Government LendingMortgageRegulatory

GSEs won’t buy QM loans under GSE Patch after July 1

Despite proposed rulemaking by CFPB to delay date until 2022, GSEs are bound by their Treasury agreement

In Lender Letters issued on Thursday, Fannie Mae and Freddie Mac confirmed that loans purchased by the GSEs with application dates on and after July 1, 2021, must meet the standards of the Consumer Financial Protection Bureau’s Revised Qualified Mortgage Rule.

In the letters, the two government sponsored enterprises state that they will follow the directive laid out in their amended Preferred Stock Purchase Agreements with the Treasury Department, which forbid Fannie and Freddie from buying QM loans under the GSE Patch.

The guidelines in the letters stand in contrast to the CFPB’s most recent notice of proposed rulemaking, which seeks to delay the date lenders have to comply with the revised QM rule until October 1, 2022.

The CFPB final QM rule, issued in December, establishes a pricing threshold that effectively replaced the former debt-to-income limit of 43% with a price-based approach that gives lenders relief for loans capped at 150 basis points above the prime rate.

Before the revised QM was finalized, many lenders were able to circumvent the 43% DTI limit because the rule doesn’t apply to mortgages backed by Fannie Mae and Freddie Mac. This “QM Patch” would expire with the new rule going into effect on July 1. The CFPB threw a wrench into this timeline with their proposed rulemaking, but both Fannie and Freddie are bound by the amended PSPAs with Treasury.

Should lenders look to non-QM loans when the refi boom slows?

HousingWire recently sat down with Tom Hutchens, Angel Oak EVP of production, who shared how non-QM lending could be an effective way for lenders to replace lost business in the event of a refi boom slowdown.

Presented by: Angel Oak

Originally, the QM Patch was set to expire in January, 2021, but in the fall of 2020 the deadline was extended until July. On March 4, the CFPB released it proposed rulemaking, which would push the expiration date another 15 months out.

“Extending the mandatory compliance date of the General QM final rule would allow lenders more time to offer QM loans based on the homeowners’ debt-to-income (DTI) ratio, and not solely based on a pricing cut-off. Extending the compliance date of the General QM final rule would also give lenders more time to use the GSE Patch, which provides QM status to loans that are eligible for sale to Fannie Mae or Freddie Mac,” the Bureau said in its announcement of the proposed rulemaking.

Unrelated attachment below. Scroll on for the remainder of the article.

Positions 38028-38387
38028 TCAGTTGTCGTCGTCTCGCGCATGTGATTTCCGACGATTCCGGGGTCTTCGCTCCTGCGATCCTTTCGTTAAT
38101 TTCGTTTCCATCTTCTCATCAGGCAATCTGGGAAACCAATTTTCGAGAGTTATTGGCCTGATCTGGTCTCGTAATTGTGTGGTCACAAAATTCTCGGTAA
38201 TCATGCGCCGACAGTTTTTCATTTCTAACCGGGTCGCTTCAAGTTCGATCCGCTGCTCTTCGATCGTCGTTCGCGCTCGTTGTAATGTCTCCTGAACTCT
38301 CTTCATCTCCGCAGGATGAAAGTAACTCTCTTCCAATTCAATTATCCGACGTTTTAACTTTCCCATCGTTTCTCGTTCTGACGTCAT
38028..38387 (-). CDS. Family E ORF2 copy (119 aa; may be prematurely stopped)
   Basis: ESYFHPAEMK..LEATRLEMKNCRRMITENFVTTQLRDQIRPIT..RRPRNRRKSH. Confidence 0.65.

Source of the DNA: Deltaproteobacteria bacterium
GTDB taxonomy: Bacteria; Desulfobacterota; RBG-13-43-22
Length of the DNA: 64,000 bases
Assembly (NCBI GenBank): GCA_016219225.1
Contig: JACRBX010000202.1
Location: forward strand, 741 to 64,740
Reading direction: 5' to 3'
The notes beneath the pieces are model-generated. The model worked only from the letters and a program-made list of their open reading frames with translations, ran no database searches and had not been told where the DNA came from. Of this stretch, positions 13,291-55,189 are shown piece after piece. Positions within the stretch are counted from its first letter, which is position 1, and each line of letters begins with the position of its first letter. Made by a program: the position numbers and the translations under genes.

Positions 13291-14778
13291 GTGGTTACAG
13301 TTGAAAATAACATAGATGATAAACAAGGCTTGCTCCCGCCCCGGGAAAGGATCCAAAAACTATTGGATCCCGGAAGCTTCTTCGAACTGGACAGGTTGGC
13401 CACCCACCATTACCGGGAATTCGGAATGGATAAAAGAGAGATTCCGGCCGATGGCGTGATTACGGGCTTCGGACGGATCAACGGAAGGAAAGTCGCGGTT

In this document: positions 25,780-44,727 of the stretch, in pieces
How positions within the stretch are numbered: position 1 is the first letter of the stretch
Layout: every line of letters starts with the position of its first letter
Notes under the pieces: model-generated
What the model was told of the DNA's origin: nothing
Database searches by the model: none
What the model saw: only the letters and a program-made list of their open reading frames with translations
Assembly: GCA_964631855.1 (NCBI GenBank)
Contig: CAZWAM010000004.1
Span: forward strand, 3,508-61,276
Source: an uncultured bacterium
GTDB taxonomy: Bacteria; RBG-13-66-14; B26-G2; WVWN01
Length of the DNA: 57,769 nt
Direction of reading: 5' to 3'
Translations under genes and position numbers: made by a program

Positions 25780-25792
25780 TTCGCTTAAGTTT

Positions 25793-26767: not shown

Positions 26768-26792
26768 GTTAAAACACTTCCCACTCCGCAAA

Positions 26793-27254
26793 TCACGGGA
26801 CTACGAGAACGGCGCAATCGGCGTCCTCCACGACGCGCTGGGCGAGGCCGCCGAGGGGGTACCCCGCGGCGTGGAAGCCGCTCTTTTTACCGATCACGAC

Some mortgage industry groups have opposed the delayed implementation of the finalized QM rule, seeing it as the first step in renegotiating the rule.

In a letter to the CFPB, the Housing Policy Council wrote: “We also are concerned that the Proposed Rule’s real purpose is to set the stage for the Bureau to reopen the 2020 General QM Rule. We firmly believe that reopening the 2020 General QM Rule would not be in the public interest…If the Bureau wants to explore modifications to the 2020 General QM Rule, it should follow the standard APA rulemaking process, without delaying the mandatory compliance date.”

The Lender Letters issued Thursday make it clear that the GSEs will be following the letter of the current revised QM rule unless and until the proposed rulemaking is finalized.

In its Lender Letter, Fannie Mae said it anticipates additional changes in eligibility and underwriting in the following areas:

  • The documentation and verification requirements for loans originated under the high LTV refinance option will be updated in light of the Revised QM Rule.
  • The calculation of the qualifying payment amount and annual percentage rate (APR) for ARMs with an initial fixed-rate period of five years or less will be updated to require consideration of the maximum rate that may apply in the first five years of the loan.
  • All covered loans will be required to comply with the APR to average prime offer rate (APOR) spreads as required by the Revised QM Rule.

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